theatre review

by Joal Paley with music by Marvin Laird
Ophidian Entertainment
Waterfront Theatre, Granville Island
October 29-November 20
604-257-0366 or

Campy musicals are lots of fun. We never seem to get tired of seeing melodrama, soap opera and 1950s culture sent up. The wretched excess of the genres and era presents an easy target and is tailor-made for drag, one of our fondest and most theatrical ways of commenting on the absurdities of gender stereotypes. And the artifice of musical theatre, where characters gratuitously break into song and dance, provides a perfect vehicle for the satire. When camp falls flat, as in the recent Stepford Wives movie, which probably should have been a musical, it can be very, very bad. When it works, as in the musical Hairspray, it’s a delight. Put Ruthless firmly in the latter category.

Ruthless centres around classic-1950s-housewife Judy and her precocious, sociopathic 8-year-old daughter Tina, a budding musical theatre star, encouraged in her blond ambition by exotic manager Sylvia St. Croix. When Tina is foiled by classmate Louise in her plan to get the lead in the school play, Pippi in Tahiti: The Musical, mayhem ensues. “Life is a bitch and it starts in third grade,” sings the frustrated director Ms. Thorn, and we see how well equipped Tina is to succeed in this Darwinian jungle the very first time we hear her growl, “I’ll do anything to play this part!” Through most of Act One we’re in The Bad Seed and Gypsy territory.

In Act Two, while Tina spends two years in a reform school for psychopathic ingenues, the nature vs. nurture argument at the centre of so much ‘50s popular culture continues in another vein. When Judy finds out from her adoptive mother that her birth mother was a famous actress, and that therefore she too must have “the pathological need to be famous,” she indeed becomes a Broadway diva. The parody shifts to Sunset Boulevard and All about Eve. Judy even gets an ambitious assistant named Eve. It all ends in a series of revelations of identity worthy of The Importance of Being Ernest, plus a wild gunfight, and of course a big production number.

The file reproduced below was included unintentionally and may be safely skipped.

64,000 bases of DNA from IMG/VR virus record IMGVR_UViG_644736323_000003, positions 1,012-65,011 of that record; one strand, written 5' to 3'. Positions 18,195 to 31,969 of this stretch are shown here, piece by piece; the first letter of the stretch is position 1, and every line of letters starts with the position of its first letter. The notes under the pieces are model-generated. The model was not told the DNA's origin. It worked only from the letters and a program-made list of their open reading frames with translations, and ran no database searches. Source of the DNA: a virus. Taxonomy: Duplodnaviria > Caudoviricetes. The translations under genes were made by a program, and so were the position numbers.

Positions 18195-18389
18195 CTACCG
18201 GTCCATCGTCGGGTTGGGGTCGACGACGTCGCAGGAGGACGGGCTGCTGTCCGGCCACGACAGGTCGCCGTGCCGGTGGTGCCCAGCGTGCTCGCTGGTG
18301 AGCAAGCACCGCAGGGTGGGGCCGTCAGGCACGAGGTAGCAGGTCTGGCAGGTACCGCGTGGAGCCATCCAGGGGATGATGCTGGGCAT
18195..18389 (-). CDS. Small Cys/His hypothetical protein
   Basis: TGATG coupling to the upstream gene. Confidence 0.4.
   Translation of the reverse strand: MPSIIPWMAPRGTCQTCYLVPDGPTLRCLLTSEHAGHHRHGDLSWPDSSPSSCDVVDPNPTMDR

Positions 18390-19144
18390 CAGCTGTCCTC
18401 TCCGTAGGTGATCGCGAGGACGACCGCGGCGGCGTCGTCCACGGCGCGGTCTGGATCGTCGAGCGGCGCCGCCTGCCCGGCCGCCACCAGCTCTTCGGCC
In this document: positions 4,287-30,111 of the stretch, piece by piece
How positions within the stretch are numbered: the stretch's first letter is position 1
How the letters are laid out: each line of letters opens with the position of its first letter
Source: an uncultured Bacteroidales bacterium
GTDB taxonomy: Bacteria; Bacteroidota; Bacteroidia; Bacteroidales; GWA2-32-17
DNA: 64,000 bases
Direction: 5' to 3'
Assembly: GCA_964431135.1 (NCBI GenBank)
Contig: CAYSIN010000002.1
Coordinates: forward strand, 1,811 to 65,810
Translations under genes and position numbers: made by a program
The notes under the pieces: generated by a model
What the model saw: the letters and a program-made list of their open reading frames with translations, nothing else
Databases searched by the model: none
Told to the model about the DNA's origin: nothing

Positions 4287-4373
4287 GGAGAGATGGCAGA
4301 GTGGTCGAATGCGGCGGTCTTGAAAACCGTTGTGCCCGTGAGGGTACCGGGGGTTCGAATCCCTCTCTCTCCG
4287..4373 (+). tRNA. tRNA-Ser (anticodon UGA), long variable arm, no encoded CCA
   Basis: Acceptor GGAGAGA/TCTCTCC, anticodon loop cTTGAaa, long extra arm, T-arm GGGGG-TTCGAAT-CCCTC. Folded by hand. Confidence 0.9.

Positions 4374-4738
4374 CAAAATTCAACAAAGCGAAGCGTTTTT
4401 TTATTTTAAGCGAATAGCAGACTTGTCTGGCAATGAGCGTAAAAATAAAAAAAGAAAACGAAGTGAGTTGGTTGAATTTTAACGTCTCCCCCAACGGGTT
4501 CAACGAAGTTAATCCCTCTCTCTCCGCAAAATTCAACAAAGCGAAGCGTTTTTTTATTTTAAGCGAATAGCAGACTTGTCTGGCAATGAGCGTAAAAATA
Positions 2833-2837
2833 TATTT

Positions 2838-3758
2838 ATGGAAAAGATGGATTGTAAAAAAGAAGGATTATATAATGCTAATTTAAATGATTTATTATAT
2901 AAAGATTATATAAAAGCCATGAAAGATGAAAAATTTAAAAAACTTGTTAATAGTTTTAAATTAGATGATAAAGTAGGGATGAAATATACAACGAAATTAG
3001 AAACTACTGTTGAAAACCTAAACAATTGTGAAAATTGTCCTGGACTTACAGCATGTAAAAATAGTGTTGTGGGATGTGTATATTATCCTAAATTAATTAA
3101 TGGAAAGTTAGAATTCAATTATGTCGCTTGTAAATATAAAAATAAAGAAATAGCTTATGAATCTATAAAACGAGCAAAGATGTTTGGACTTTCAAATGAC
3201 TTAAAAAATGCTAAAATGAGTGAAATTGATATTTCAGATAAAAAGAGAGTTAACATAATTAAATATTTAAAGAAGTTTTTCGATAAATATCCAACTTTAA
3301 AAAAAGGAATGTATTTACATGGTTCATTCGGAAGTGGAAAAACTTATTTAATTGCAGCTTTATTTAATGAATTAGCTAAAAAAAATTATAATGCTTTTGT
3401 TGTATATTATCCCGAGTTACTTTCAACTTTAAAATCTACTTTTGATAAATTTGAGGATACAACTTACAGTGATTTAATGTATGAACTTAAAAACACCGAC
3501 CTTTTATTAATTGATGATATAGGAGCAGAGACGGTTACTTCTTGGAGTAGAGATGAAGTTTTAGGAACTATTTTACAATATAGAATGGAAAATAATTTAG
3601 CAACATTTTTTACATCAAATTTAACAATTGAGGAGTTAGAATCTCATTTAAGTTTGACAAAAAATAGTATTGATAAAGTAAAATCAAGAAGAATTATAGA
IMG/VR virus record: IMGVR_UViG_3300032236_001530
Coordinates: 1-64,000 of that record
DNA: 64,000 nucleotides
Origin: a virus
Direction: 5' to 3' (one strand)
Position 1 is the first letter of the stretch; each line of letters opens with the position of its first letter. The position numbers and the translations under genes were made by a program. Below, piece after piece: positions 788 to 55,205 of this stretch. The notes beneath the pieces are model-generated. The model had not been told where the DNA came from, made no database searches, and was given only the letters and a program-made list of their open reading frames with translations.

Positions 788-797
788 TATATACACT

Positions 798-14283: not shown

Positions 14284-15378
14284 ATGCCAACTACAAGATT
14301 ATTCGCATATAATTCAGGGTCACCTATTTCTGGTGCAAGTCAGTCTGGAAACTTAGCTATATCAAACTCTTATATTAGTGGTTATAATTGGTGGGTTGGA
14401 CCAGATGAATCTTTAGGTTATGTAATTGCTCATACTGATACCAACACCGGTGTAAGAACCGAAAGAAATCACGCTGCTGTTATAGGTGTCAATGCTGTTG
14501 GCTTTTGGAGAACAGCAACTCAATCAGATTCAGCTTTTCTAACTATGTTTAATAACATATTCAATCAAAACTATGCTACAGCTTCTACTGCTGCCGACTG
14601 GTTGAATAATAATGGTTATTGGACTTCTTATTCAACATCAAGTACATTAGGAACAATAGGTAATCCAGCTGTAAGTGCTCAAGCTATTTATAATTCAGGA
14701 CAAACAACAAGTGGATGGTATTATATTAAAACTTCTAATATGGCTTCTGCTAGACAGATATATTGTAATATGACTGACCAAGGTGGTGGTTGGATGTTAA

The success of both script and production lies in their ability to sustain the metatheatrical parody while avoiding the overly familiar. As Judy says to Eve after the two have exchanged nasty thoughts about each other: “How dare you speak to me in that tone of voiceover!” Judy also has my other favorite line in the show: “My mother hates anything to do with show business—she’s a theatre critic!” As Judy, Heather Feeney is absolutely perfect, and young Carly Bondar’s Tina is a marvel of insouciance and talent. Stocky Greg Armstrong-Morris’s drag portrayal of the vicious theatre critic singing “I Hate Musicals” nearly steals the show, as does the multi-talented Rebecca Codling as both Louise and Eve. Denis Simpson’s outrageous drag Sylvia and Nomi Lyonns as both Ms. Thorn and a lesbian reporter round out an extremely talented and able cast. Unlike some other musicals this season, everyone here can sing and dance and act.

Everything about this production is first-rate, from Wendy Bross Stuart’s musical direction and four-piece band, to Sara-Jeanne Hosie’s minimal but effective choreography, Bryan Pollock’s stylized sets and especially Christina Sinosich’s bold costumes. Director David C. Jones provides a lot of smart comic texture and keeps everything moving along at a good clip. Ophidian Entertainment, a small Equity company, deserves a lot of credit and big audiences for this classy, funny show.

Jerry Wasserman

last updated: Tuesday, December 28, 2004 8:19 PM
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